Atticus - TKAM

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  • Atticus
    • Father
      • Atticus is a different type of father to the men of his time
        • he treats his children like adults and answers their question honestly
          • this represents how Atticus respects everyone no matter their age, race etc.
          • Atticus' goal when raising his children is to protect them against the prejudice in Maycomb
            • an example of this is when Jem destroys Mrs. Dubose's cammilias - Atticus treats this with a level head telling Jem to ...
              • 'You just hold your head high and be a gentleman'
                • this suggests even though Mrs. Dubose provoked Jem, Atticus understands that Mrs. Dubose is weak and ill and wants Jem to understand too
                • Atticus uses the phrase 'hold your head up high' often - usually when referring himself - this shows he wishes Jem to remain unbiased just like him
          • We can see Atticus treats the children as adults as both children refer to Atticus by his first and not 'father' as their friends might
    • Strength as a Lawyer
      • Atticus is an extremely strong man and lawyer having to face the prejudice of Maycomb society when he decides to defend a black man
        • Atticus is a symbol of law and justice in the book and is one of the only people to be untouched by prejudice
          • we can see this unprejudiced approach by the way he treats the Ewells in the court case
            • he respectful towards Mayella and Bob calling them sir and ma'am when on trial
            • he also shows us how he views the American justice system
              • 'The one place where a man ought to get a square deal is in a courtroom, be he any color of the rainbow, but people have a way of carrying their resentments right into a jury box'
                • the word 'rainbow' suggests Atticus' open mind as the rainbow is a big full spectrum
                  • rainbow also represent hope and happiness showing a world without prejudice would be just that
                • Atticus tells us even though it is the law that everyone should receive equal treatment in courts other peoples ideas may corrupt this law
                  • shows us no law or institution in perfect and human nature will always get in the way
    • unbiased or open-minded
      • Atticus doesn't care that Calpurnia, a black women, is 'raising' his children
        • shows he is a good father as knew a women was lacking from his children's lives so hired Calpurnia
          • We can see Atticus treats the children as adults as both children refer to Atticus by his first and not 'father' as their friends might
      • in everything Atticus does he takes an unbiased approach
        • this is because his approach to life is followed by famous philosophy from TKAM
          • 'you can't truly understand a person until you climb into their skin and walk around in it'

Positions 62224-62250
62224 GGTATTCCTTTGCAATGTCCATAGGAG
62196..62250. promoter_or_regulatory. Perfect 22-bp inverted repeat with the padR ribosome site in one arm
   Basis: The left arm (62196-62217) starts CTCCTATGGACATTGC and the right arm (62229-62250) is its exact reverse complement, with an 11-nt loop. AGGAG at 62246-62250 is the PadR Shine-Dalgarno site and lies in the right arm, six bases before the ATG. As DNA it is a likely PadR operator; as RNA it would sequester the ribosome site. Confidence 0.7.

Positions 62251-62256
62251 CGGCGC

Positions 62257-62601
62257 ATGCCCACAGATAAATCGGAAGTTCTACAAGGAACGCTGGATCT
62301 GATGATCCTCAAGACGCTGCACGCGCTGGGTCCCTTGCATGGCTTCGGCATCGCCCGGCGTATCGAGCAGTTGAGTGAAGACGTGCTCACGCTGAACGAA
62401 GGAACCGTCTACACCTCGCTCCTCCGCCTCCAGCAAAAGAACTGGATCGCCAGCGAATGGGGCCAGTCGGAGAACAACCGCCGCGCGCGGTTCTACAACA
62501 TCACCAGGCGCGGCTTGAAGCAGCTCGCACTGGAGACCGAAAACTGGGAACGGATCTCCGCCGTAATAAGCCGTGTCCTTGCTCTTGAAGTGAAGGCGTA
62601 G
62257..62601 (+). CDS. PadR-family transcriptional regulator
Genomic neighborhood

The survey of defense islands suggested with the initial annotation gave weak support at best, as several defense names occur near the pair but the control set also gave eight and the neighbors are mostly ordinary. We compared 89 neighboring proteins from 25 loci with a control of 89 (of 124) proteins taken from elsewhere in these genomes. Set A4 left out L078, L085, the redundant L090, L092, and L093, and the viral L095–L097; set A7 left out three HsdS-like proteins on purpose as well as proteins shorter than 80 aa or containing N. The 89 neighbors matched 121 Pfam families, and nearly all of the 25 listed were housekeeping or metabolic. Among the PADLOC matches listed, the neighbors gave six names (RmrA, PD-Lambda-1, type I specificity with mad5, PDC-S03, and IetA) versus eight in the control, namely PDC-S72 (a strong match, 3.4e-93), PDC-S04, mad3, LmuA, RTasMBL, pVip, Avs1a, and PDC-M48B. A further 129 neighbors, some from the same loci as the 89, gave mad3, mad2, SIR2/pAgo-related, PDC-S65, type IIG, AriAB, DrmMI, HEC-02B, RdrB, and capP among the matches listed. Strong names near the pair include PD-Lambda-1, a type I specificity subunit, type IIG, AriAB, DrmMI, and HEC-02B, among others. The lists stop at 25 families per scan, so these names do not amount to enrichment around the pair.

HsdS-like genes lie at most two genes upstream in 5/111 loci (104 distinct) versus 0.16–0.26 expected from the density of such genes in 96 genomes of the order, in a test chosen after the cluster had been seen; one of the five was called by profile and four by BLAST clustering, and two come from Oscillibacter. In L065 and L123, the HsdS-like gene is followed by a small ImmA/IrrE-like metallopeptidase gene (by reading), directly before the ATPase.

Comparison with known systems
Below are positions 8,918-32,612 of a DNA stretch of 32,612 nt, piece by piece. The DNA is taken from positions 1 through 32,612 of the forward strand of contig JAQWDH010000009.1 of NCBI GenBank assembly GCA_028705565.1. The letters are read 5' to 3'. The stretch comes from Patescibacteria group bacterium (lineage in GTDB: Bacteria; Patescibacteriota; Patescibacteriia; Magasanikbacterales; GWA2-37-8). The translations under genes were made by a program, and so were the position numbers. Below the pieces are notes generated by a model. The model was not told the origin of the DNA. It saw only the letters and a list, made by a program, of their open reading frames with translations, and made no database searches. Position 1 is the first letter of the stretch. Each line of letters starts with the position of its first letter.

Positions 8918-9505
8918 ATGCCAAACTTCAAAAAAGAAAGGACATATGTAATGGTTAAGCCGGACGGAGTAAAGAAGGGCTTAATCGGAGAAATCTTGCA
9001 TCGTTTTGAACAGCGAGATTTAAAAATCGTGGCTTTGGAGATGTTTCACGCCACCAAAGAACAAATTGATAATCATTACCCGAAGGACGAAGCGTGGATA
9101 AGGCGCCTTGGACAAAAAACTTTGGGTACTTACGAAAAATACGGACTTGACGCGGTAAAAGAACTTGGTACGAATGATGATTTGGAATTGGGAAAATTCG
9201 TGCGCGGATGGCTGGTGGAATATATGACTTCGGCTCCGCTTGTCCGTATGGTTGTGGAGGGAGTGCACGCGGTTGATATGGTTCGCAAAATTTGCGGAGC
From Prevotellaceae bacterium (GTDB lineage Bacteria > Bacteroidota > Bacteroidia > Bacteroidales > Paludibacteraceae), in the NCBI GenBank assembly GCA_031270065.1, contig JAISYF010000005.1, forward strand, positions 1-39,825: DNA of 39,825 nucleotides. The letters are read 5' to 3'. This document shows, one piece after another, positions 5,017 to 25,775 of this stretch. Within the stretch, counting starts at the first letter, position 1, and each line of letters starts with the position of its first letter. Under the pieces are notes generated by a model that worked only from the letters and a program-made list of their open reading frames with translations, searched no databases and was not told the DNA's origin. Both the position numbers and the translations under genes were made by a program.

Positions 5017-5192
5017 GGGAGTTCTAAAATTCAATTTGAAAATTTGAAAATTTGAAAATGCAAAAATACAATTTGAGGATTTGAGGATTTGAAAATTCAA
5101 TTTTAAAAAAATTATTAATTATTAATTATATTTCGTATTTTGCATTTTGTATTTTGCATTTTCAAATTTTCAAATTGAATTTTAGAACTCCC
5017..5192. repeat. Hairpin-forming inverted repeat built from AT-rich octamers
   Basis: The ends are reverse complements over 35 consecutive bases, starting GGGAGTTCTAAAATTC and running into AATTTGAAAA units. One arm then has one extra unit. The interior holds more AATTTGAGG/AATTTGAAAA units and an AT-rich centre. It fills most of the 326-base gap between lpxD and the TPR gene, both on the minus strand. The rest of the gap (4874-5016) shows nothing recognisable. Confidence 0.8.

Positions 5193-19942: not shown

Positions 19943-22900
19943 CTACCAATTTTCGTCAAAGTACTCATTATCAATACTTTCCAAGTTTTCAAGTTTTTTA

• this explains why Atticus understands people so well
            • links to how he lets man of his clients pay for his services with goods like the Cunninghams
              • Atticus understands their situation as in the great depression they had no other means to pay for things
                • When Scout asks if they are poor - Atticus replies 'yes Scout - we are poor'
    • honest and open
      • in the majority of situations Atticus is an honest and well-respected man of the Maycomb community
      • he is different to the other people in Maycomb as doesn't conceal his true personality and is not afraid to be different
        • Mrs. Maudie says
          • 'the same man in his house as he is the on the public streets'
            • the words his and public show the different in two environments
              • the word 'his' shows it is where Atticus belongs so you would expect him to feel more comfortable and be different but he is still the same man
        • most people in Maycomb are hyprocritical and have double standards such as the women in the missionary society
    • treatment of the Ewells
      • begins by treating the Ewells respectfully
        • he respectful towards Mayella and Bob calling them sir and ma'am when on trial
        • however there is change in way Atticus treats Bob after he is threatened by Bob
          • Scout asks why Bob Ewell would say such things Atticus replies...
            • 'if a white man does that to a black man, no matter who he is, how rich he is, or how fine a family he comes from, that white man is trash'
              • Atticus' definition of white trash is different to the rest of Maycomb, once again
                • Maycomb would define Bob Ewell as white trash because he comes from a poor background and has an awful family exactly what Atticus said doesn't matter
                • Atticus takes a much broader of viewer of things simply saying if a man is racist he is trash
                  • ironic as in Go Set a Watchmen Atticus becomes a racist
                  • Atticus' statement is hugely justified due to what Ewell does to Atticus' children at the end of the novel
    • Not entirely perfect
      • Atticus does have weak points about him too
        • he gets anger in his discussion with aunt Alexandra over Scout
        • he also misjudges Bob Ewell threat saying
          • 'what on earth could Ewell do to me, sister'
            • his faith in people can be exceeding as he never dreamed Ewell would go after his children


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